Dec 2, 2019: First day in Madagascar

It’s a beautiful day. The sun is shining, there’s a gentle breeze. Birds are chirping and flitting about. At breakfast, we saw a small orange finch going from perch to perch. 

Our expedition today was prosaic:  we needed a SIM card, local currency, drinking water and mosquito repellent. For the latter, it was a choice between Off (familiar to most North Americans) and Diva, a French brand. Diva has more of the necessary active ingredient, so we bought it. Spoiler alert: it wasn’t as good as we hoped.

The surprise was the Minisou shop in the strip mall. A Minisou shop recently opened up inside the Victoria Walmart. The company has Japanese and Chinese cofounders, and features small personal and household items with a Japanese feel.

The local buses here are Mercedes Benz Sprinters. Passengers get in and out through the back door. I don’t know the fees because our hotel told us we needed to take a taxi. 

We also saw a zebu cart, with two of the local cattle in the yoke. Mostly, wheeled transportation is an array of cars and trucks, with a wider range of brands and ages than I remember from Kenya.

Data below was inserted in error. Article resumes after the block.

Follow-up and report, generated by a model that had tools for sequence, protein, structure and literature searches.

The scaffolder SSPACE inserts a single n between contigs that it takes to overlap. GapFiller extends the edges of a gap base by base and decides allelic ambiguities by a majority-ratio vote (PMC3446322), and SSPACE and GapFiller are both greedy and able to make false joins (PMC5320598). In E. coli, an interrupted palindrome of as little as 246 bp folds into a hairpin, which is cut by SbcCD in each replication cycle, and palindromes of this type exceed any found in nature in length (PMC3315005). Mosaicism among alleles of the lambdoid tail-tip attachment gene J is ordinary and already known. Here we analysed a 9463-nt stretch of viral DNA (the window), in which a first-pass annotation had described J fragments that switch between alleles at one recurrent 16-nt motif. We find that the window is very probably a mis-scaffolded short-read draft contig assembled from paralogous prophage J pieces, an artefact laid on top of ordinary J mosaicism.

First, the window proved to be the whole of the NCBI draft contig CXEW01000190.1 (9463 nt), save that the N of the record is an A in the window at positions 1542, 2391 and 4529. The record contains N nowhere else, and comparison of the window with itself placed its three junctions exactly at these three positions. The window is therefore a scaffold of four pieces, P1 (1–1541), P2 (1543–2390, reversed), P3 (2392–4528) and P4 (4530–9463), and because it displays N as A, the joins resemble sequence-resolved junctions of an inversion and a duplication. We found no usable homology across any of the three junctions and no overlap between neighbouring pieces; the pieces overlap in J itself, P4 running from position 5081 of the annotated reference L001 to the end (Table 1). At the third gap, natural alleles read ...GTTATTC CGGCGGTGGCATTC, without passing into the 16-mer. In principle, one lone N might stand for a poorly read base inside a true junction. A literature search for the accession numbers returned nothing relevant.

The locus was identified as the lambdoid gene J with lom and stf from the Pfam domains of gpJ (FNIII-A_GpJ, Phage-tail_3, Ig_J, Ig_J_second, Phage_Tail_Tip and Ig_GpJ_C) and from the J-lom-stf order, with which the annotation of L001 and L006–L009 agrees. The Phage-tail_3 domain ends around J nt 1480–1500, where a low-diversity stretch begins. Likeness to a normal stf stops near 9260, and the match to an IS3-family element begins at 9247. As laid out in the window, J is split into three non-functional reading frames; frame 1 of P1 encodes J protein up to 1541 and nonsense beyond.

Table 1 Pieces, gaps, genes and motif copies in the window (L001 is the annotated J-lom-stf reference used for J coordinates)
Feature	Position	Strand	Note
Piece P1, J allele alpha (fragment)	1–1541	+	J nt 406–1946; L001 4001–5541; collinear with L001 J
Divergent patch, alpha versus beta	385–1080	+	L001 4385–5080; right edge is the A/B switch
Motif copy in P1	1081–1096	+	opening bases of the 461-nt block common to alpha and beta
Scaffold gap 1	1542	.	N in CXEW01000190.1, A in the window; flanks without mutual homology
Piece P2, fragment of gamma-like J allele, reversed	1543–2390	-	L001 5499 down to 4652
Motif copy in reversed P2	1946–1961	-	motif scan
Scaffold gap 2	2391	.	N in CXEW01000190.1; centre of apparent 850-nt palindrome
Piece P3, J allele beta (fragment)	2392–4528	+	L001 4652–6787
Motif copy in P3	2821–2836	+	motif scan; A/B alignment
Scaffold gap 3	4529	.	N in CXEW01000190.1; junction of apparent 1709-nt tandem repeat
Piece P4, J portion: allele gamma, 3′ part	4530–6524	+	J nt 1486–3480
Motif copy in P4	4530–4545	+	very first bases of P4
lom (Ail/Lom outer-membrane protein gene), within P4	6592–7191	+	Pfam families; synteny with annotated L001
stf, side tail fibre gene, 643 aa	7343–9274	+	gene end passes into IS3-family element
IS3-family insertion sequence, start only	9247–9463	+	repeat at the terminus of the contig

Another mode of transportation is a hand push car, flatbed style. There’s a car steering wheel at one end and what look like car springs underneath. When there’s a hill to go down driver and pal hop on and steer. I’m not sure how they brake. It’s a fun reward for the hard work of pushing freight up a hill. 

On our expedition, we saw some school children, and noticed there are two styles of school uniforms— one that we’ve all seen before. White shirt and navy skirt for girls and navy pants for boys. We also saw a uniform where the shirt is a thin beige lab coat. It’s often worn over another shirt, and I sometimes had the impression that one size fits all. You grow into it and then hang on to it.

The landscape in this part of Tana is mostly flat, although there’s a it of a valley and subsequent hill to the east. To the north, there’s a single modern tower. We’re a fair distance from downtown Tana. On our other transfer nights through Tana, we’re in the city centre. 

It’s very green here. The hill is trees, and out hotel courtyard has a beautiful garden with lantana, honeysuckle, roses and bananas. There are some palm-type shrubs as well as yucca or aloe. Our next door neighbour is a Jehovah’s Witness hall. 

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